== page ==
Looking Back

Looking Back: June 5, 2013

During World War I, the Ellwood family was a leader in the local Red Cross efforts. Here the Ellwood House mansion in DeKalb prominently displays a Red Cross flag. Thanks to the Ellwood House Museum for the photo.
During World War I, the Ellwood family was a leader in the local Red Cross efforts. Here the Ellwood House mansion in DeKalb prominently displays a Red Cross flag. Thanks to the Ellwood House Museum for the photo.


June 6, 1888

The DeKalb High School graduation exercises will be held in the Methodist Church on June 14. The class of ‘88 numbers seven: six girls and one boy.

The strawberry festival to be given by the ladies of the Universalist church was announced to be on Thursday, but that was a mistake. It will be on Wednesday. Note the change of date and govern yourself accordingly.

While workmen were digging for sand near Kankakee Saturday, they unearthed the bodies of six men that are supposed to be those of an extinct race of giants.

Another dastardly attempt was made to burn L.M. McEwen & Co.’s grain elevator last Saturday night, but before the fire companies could reach the spot – and it didn’t take them long – men living in the immediate vicinity had smothered what promised to be a disastrous conflagration.

A shoemaker of Malta is at present the guest of the sheriff. Not content with a protracted spree of several days, during which time his wife and babe were left without a morsel of food, on Monday he tried to test his dexterity by playfully tossing stones through the window at the long-suffering woman. He was arrested and now languishes.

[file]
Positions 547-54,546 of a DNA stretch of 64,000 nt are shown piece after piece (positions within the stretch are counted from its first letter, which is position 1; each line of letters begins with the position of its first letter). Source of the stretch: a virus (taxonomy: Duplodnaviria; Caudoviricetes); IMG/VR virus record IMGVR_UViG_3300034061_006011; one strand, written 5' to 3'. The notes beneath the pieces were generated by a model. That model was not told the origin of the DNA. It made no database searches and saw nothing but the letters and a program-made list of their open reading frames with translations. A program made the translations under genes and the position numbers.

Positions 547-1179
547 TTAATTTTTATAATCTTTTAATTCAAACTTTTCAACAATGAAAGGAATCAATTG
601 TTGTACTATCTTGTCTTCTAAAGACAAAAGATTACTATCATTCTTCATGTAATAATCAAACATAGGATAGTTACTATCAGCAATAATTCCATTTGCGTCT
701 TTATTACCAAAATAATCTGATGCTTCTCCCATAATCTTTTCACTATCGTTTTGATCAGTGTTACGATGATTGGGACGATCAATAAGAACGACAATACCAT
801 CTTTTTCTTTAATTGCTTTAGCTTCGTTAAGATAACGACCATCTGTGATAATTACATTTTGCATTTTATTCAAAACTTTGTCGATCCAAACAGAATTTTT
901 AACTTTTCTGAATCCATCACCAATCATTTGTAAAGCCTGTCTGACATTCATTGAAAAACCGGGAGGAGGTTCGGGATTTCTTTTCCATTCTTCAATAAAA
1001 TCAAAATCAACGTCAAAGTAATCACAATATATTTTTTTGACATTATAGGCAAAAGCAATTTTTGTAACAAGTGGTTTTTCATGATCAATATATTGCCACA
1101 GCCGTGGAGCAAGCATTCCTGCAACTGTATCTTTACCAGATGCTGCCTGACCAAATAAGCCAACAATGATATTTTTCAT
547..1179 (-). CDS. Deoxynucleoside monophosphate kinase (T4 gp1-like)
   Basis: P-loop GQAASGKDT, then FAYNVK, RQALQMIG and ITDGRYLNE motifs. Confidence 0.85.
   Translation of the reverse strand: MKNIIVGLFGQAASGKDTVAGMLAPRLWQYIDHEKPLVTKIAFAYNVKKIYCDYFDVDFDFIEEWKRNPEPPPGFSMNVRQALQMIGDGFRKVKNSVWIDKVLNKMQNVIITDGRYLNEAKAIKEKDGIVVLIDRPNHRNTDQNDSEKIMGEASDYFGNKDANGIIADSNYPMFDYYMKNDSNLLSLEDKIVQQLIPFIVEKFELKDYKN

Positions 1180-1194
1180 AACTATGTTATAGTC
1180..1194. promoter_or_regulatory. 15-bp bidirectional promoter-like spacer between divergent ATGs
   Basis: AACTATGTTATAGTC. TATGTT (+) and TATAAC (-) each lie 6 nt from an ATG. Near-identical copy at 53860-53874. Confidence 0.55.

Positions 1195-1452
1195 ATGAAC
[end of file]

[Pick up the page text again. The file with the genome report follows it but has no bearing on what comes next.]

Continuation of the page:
Jules Marcon, the well-known geologist and geographer, has published a statement to the effect that America owes its name to an Indian word which means “the land of the winds,” and not at all to Vespucci.

What is the matter with Kirkland’s fire company? They have not made an appearance on the street all spring. A little training would not be a bad idea.


June 7, 1913

Had the pump in either the well or the cistern been in good working order, the dwelling on the farm belonging to Mrs. Louisa Seaman of Sycamore could have been saved Wednesday morning. As it was, the house was totally destroyed by a fire which started in the chimney.

The city of Sycamore has decided to pave Cross Street from State Street to DeKalb Avenue, Elm Street from California to Governor street and Maple Street for a single block, from State to Elm street.

Charles E. Walker purchased a handsome Velie Dispatch five-passenger car with all the latest accessories. The automobile runs as quietly and smoothly as a sewing machine and is as comfortable as a feather mattress.

Starting on the crowning achievement of his long and notable walking career, Edward Payton Weston faced the long hike of 1,500 from New York to Minneapolis with the courage and apparent stamina of his younger years. He is now 74.

All dogs in Sycamore not tagged with a city license tag will be shot after June 1.


June 8, 1938